Rabbit Breeders Association of Tasmania

The Rabbit Breeders Association of Tasmania

present committee members are;

 President: Martyn Connor

Vice President: Debbie Pulford

Secretary: Sarah Van Steenis*


Show Secretary: Susan Loveless

Show Manager: Debbie Pulford 

Treasurer: Julie Edser

Ring Registrar : Vanessa Sullivan

General Committee: Jessica Connor & Christina Cooper

Newsletter: Debbie Pulford 

Keeper Of Titles: Susan Loveless 

Webmaster: Martyn Connor (rbatas@y7mail.com)

* Please direct all enquirie's in regards to membership applications and stud prefix' along with ALL Correspondence to the Club Secretary:

RBAT c/o The Secretary Sarah Van Steenis

62 Kensington Street

New Norfolk 7140

Phone 0401 252 204



Members Code Of Ethics

For all domestic, pet, pedigree or show rabbits in my care i will to the best of my ability:

  • On a daily basis make sure rabbits are well fed and supplied with clean water.
  • Provide regularly cleaned, adequately sized, escape proof hutches or accomodation.
  • Quarantine infectious rabbits and ensure they receive appropriate medical attention whenever required. Please notify the RBAT. Inc about Myxomatosis or Calici virus outbreakes! (Confidentiality assured. We will only notify and forewarn members by the applicable town or suburb.
  • Do not neglect, physically abuse, mistreat or allow needless suffereing (Gunine cases of ill treatment should be reported to the RSPCA or notify a RBAT. Inc Committee member.
  • Do not release a rabbit into surburia or a country area.
  • Be responcible in breeding programs to inprove the quality of the breed. Do not knowingly breed unhealthy rabbits or those carrying a genetic disease or with deformaties or other abnormalities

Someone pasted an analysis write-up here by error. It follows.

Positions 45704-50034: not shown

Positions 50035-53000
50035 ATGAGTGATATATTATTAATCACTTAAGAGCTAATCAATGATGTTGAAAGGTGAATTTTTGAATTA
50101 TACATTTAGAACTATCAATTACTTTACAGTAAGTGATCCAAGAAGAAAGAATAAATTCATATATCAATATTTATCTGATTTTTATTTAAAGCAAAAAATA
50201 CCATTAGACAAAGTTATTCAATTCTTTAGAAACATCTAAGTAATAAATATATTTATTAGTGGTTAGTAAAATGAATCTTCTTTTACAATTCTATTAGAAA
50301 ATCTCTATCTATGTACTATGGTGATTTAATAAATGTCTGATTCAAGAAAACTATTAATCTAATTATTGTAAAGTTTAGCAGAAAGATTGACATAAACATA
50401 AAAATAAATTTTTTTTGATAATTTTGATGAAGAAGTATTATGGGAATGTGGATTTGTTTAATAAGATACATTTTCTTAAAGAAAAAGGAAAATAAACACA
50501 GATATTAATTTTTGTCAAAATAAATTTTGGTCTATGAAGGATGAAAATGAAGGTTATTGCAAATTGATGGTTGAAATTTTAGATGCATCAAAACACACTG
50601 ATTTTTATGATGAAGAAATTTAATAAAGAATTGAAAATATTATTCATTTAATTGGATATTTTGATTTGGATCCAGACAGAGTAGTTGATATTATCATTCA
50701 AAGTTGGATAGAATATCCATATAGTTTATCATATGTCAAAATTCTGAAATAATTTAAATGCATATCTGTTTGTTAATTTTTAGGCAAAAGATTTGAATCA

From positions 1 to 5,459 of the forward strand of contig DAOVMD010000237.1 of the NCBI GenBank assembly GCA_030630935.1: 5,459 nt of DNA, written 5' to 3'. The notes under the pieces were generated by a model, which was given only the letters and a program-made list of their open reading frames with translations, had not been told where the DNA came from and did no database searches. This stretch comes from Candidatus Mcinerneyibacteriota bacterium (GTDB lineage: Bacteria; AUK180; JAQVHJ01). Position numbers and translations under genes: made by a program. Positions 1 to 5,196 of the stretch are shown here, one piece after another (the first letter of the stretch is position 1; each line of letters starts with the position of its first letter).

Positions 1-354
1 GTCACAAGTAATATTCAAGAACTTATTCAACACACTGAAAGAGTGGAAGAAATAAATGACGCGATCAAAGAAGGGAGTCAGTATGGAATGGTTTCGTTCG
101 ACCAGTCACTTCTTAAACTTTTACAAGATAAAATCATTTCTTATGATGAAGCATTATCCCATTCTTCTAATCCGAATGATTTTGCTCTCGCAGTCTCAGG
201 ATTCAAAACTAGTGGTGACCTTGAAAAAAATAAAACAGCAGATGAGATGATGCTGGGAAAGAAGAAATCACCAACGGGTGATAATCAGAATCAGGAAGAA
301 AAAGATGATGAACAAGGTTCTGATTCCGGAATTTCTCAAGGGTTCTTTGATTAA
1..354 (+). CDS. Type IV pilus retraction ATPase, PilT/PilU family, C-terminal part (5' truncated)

• Show concern and consideration for breeding does especially. Do not mate to frequently or befor adulthood. (The criteria for adults would be according to the mature age of the specific breed and not necessarily to the BRC SHow Standard of five months) DO Not bring a pregnant doe to a show or display.
  • Undertake not to mate different standard breeds together unless working within a specific breeding program and then undertake not to sell or misrepresent crossbred offspring as purebred. Do not knowingly sell a rabbit as show quality with a major disqualifying fault/s.
  • Not to knowingly sell a kitte under the age of eight weeks, in poor health, affected by any catagious disease or with a genetic phyisical condition.
  • Do not sell to children unless accompanied by an adult or with out proven parental consent.
  • Remove identifacation rings from rabbits sold or given away as pets to non-members.
  • Honour a promise or agreement to supply pedigree papers in a timely manner, i.e. with in thirty days of selling your rabbit. If you choose not to issue pedigree papers or they are unavalible, it is advisable to notify the buyer at the time or purchase.
  • Be honest and provide helpful infomation when dealing with the public. Aim to conduct yourself in a manner so as not to jeopardize the reputation of the RBAT. Inc and rabbit fanciers in general.